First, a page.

Safe Routes to School: Student Commute Survey Tool
Hundreds of schools across Massachusetts have adopted programs to encourage students and their parents to choose walking and biking for their school commute. Of course, the ultimate potential of these Safe Routes to School (SRTS) programs depends in large part on how many students live close enough to school and have safe walking or biking connections. Furthermore, any attempt to rigorously evaluate SRTS programs or compare their impact across schools or over time must account for the effect of student proximity, walkability, and many other factors affecting mode choice. Unfortunately, little data or analysis on this topic is available to decisions regarding programmatic and infrastructure investments. Existing survey tools were ill-suited to provide frequent and spatially-detailed performance metrics that can be used to assess the effectiveness of SRTS programs.
Our 2012 report "Kids are Commuters Too!" applied a new method of spatial analysis to more than 800 schools in Eastern Massachusetts to inform and guide walk-to-school programs and investments. The analysis:
-defined “walksheds” of various distances based on mapped sidewalk infrastructure
-evaluated land use and demographics to assess walkability potential across districts
-developed a new six-question survey and an interactive online map tool for collecting responses
-surveyed more than 4,500 students in 23 schools to better understand existing travel patterns
-documented the new methods and tools so this analysis could be replicated across Metro Boston and the US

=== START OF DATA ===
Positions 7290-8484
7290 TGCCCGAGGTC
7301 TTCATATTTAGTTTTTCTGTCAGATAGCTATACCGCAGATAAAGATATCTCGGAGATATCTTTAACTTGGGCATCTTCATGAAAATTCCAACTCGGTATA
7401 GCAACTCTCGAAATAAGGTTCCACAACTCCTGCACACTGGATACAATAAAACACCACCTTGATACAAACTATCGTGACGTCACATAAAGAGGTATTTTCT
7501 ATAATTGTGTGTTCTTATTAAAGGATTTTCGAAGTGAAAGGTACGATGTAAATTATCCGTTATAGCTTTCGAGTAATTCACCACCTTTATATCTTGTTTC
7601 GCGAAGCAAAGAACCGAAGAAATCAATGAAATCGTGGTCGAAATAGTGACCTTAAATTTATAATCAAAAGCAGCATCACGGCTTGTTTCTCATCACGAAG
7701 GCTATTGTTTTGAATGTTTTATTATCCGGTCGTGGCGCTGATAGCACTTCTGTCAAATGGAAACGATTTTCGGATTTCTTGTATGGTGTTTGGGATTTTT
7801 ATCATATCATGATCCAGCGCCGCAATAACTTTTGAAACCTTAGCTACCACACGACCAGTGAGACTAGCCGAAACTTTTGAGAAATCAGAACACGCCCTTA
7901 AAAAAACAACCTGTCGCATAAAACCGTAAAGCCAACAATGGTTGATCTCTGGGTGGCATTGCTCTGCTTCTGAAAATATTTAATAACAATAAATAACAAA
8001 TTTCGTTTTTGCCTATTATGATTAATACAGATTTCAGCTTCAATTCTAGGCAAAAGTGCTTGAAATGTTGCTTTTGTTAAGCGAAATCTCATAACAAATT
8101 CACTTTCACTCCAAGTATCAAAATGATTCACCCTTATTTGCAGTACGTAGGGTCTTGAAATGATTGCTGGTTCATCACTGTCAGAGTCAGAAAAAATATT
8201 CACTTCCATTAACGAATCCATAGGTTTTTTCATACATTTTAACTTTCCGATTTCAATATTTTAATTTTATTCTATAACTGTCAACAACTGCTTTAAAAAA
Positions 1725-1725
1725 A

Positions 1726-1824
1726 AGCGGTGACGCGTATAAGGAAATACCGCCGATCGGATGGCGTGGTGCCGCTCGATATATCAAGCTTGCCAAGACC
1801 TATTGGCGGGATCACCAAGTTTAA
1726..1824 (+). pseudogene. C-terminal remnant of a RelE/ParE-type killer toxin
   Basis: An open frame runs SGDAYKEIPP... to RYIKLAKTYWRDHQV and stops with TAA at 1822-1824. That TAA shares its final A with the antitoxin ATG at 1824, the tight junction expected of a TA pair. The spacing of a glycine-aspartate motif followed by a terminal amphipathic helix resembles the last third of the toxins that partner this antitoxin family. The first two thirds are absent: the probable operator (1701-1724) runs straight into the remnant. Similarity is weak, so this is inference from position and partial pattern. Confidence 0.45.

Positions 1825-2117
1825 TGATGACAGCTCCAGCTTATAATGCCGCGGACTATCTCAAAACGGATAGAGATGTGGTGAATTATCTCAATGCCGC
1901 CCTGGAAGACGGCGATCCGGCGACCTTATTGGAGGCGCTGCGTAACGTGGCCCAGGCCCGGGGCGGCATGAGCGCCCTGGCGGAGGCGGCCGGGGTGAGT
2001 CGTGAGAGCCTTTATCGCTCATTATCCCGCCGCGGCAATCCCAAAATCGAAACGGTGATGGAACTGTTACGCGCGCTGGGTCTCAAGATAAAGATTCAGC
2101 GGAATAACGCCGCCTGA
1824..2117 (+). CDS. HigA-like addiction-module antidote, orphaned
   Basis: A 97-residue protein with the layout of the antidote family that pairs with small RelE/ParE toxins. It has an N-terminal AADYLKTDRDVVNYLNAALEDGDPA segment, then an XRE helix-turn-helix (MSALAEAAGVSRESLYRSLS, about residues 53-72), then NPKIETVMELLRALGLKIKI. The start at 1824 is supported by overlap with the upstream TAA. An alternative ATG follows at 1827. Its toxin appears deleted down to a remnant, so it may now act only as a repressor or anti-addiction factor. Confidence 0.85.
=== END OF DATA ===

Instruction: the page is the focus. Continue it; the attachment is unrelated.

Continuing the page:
Now MAPC provides site hosting and continued development of the MySchoolCommute survey tool, which is made available to Massachusetts schools as www.MASafeRoutesSurvey.org. Using this site, MassRIDES staff and local school officials can conduct both online and paper surveys in nine languages; once results are in, the site provides one-click report generation with key statistics about student proximity, mode share, and GHG emissions. So far, over 25,000 surveys have been collected across Massachusetts, and MassRIDES is increasingly using the survey as its principal assessment and performance monitoring tool for participating districts. MAPC continues to host and maintain the site under contract with MassRIDES.
Recent analysis of the survey data with academic researchers in the region has also begun to uncover deeper relationships between walking conditions along the route and the likelihood of an active commute. This research also laid out the framework for statistically valid performance metrics that control for conditions such as student proximity, as a way of making valid comparisons across schools and over time.